World-renowned LDS Pianist David Glen Hatch Tours South Africa

  By Sister Karen Belliston

  • 2 September 2013

David Glen Hatch performing at a wheelchair charity event in Durban

“...If there is anything virtuous, lovely, or of good report or praiseworthy, we seek after these things” (13th Article of Faith--Joseph Smith).

A “Classical Music Extravaganza” was advertised, and that's what was delivered as USA's David Glen Hatch & Co. toured South Africa and dazzled large audiences of piano lovers in Johannesburg, Durban, and Cape Town. Dr. Hatch, an international concert pianist and recording artist from Orem, Utah, brought along seven of his award-winning, advanced students, ranging in age from 14 to 27. They are all members of The Church of Jesus Christ of Latter-day Saints. The group was hosted by the Church but traveled to South Africa at their own expense.

Fingers flew across the keys as Dr. Hatch and his students performed classics by Mozart, Chopin, Liszt, Schubert, Rachmaninoff, Beethoven, and others. Shows were held in Linder Auditorium, Johannesburg, on August 9; Chatsworth Youth Centre, Durban, on August 10; and Hugo Lambrechts Auditorium, Cape Town, on August 13. At the beginning of the concert in Durban, new wheelchairs were given to disabled members of the community. This gift of wheelchairs was sponsored by Lotus FM radio and The Church of Jesus Christ of Latter-day Saints. In addition, at the request of American Consul General Earl R. Miller, the pianists also performed at the United States Consulate General in Sandton on August 2 as part of their welcome to South Africa.

David Glen Hatch spoke at four special firesides (informal Church gatherings) held at LDS chapels while on this South African tour. Members of the Church believe that “...If there is anything virtuous, lovely, or of good report, or praiseworthy, we seek after these things” (13th Article of Faith--Joseph Smith). Dr. Hatch spoke about the healing balm of music and shared experiences where uplifting music has touched people's souls and changed their lives. With great feeling, he and his students bore their testimonies through music as they played such religious favorites as How Great Thou Art, The Lord's Prayer, and I Am A Child of God.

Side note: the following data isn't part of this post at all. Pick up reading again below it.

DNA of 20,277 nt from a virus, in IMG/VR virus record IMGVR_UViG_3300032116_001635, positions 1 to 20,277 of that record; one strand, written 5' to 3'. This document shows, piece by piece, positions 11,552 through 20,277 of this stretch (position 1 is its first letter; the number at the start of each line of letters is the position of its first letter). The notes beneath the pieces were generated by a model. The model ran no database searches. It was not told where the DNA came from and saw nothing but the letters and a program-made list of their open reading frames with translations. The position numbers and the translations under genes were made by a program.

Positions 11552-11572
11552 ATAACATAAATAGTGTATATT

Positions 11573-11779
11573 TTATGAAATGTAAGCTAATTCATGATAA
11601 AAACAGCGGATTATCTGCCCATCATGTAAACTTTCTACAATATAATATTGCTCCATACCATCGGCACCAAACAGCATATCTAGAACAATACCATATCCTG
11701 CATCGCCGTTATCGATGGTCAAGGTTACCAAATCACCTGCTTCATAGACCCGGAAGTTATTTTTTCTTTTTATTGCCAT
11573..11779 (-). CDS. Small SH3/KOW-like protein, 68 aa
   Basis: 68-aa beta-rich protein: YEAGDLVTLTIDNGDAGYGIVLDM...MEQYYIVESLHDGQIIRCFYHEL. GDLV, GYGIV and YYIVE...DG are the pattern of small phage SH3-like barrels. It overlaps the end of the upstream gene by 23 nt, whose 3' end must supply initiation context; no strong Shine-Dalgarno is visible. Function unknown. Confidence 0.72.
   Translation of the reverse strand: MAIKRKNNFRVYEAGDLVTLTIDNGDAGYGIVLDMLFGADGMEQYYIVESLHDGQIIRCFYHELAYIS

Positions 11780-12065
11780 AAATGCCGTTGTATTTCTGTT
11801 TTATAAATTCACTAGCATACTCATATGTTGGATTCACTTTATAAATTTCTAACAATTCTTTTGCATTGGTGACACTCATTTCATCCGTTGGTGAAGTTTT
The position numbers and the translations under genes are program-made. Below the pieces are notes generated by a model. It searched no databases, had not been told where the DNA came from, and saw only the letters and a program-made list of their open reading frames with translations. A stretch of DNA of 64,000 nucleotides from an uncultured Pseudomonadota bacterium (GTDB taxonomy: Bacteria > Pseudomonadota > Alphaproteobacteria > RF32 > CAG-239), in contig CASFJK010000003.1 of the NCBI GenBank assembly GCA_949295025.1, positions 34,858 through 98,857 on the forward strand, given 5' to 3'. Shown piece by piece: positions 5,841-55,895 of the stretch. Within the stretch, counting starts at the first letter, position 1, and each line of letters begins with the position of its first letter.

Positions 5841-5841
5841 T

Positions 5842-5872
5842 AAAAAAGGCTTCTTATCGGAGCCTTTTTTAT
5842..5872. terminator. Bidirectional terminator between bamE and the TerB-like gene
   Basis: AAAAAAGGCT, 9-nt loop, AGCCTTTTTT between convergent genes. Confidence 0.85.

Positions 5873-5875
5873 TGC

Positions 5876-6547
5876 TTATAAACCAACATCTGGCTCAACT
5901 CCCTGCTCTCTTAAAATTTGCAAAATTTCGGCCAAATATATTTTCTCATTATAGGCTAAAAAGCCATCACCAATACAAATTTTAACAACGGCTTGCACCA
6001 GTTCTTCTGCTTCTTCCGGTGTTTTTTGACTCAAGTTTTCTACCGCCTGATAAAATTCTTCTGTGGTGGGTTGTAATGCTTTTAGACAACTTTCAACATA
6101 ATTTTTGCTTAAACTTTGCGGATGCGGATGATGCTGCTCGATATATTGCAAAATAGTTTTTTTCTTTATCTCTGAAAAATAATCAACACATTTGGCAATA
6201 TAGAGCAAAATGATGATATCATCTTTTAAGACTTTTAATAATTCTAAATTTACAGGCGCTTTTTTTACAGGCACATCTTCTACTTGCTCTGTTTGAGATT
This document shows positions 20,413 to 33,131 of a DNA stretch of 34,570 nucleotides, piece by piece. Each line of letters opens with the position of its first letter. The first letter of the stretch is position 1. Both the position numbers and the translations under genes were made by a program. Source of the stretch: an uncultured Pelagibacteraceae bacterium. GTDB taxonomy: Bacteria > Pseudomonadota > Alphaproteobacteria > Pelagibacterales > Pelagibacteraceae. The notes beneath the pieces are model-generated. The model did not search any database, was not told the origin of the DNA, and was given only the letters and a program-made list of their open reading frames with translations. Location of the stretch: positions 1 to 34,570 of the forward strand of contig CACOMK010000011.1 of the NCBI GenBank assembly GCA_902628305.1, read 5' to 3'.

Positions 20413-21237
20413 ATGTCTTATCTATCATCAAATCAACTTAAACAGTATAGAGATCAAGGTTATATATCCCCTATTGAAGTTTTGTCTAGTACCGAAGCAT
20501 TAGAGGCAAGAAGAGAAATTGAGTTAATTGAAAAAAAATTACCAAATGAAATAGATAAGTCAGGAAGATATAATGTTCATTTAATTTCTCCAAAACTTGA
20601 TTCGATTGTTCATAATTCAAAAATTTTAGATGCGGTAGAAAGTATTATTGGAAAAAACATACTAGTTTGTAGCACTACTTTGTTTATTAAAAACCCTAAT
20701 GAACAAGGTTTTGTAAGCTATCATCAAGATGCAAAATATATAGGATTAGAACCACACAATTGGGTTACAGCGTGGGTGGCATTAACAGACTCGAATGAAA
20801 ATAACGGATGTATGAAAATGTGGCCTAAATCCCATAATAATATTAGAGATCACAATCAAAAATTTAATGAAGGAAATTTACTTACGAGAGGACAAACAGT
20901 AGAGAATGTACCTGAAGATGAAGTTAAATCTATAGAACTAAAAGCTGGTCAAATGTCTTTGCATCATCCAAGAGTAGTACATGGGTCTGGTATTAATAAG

The accomplished students who accompanied David Glen Hatch were Marianne Dymond, Ammon Bratt, Lauren Adja-Park, Derek Banks, Cortney Pace, Greggory Ellis, and Nathan Smith. These seven students have lofty goals of becoming world-famous concert pianists. The youngest member of the group, just starting high school, said he practices the piano two hours before school and two hours after.

On tour, the eight pianists kept a tight schedule of practicing, performing, holding firesides, and traveling. But one can't travel 9,000 miles to Africa without experiencing a safari! They squeezed in a trip to Kruger National Park headed by Sean Donnelly, public affairs director for the Africa Southeast Area of the Church. They greatly enjoyed this unique opportunity to snap close-up photos of elephants, rhinos, zebras, and other animals in the wild.

The concerts were well received in all the communities of South Africa. A music store owner in Johannesburg commented that he enjoyed the excellent classical music, especially Hatch’s performance of Adagio in B Minor by Mozart. “It was amazing!” he said. Interestingly, for South Africa, the performers received a standing ovation for their two-piano/eight-hand, rousing rendition of Stars and Stripes Forever.

All members of the group expressed appreciation and joy for the experience of visiting South Africa, and all voiced the desire to return. Residents who were privileged to listen to their difficult etudes, impromptus, and rhapsodies would agree that music is a gift from God. Dr. Hatch is correct in saying that music speaks to the soul. “Music expresses that which cannot be put into words and that which cannot remain silent” (Victor Hugo).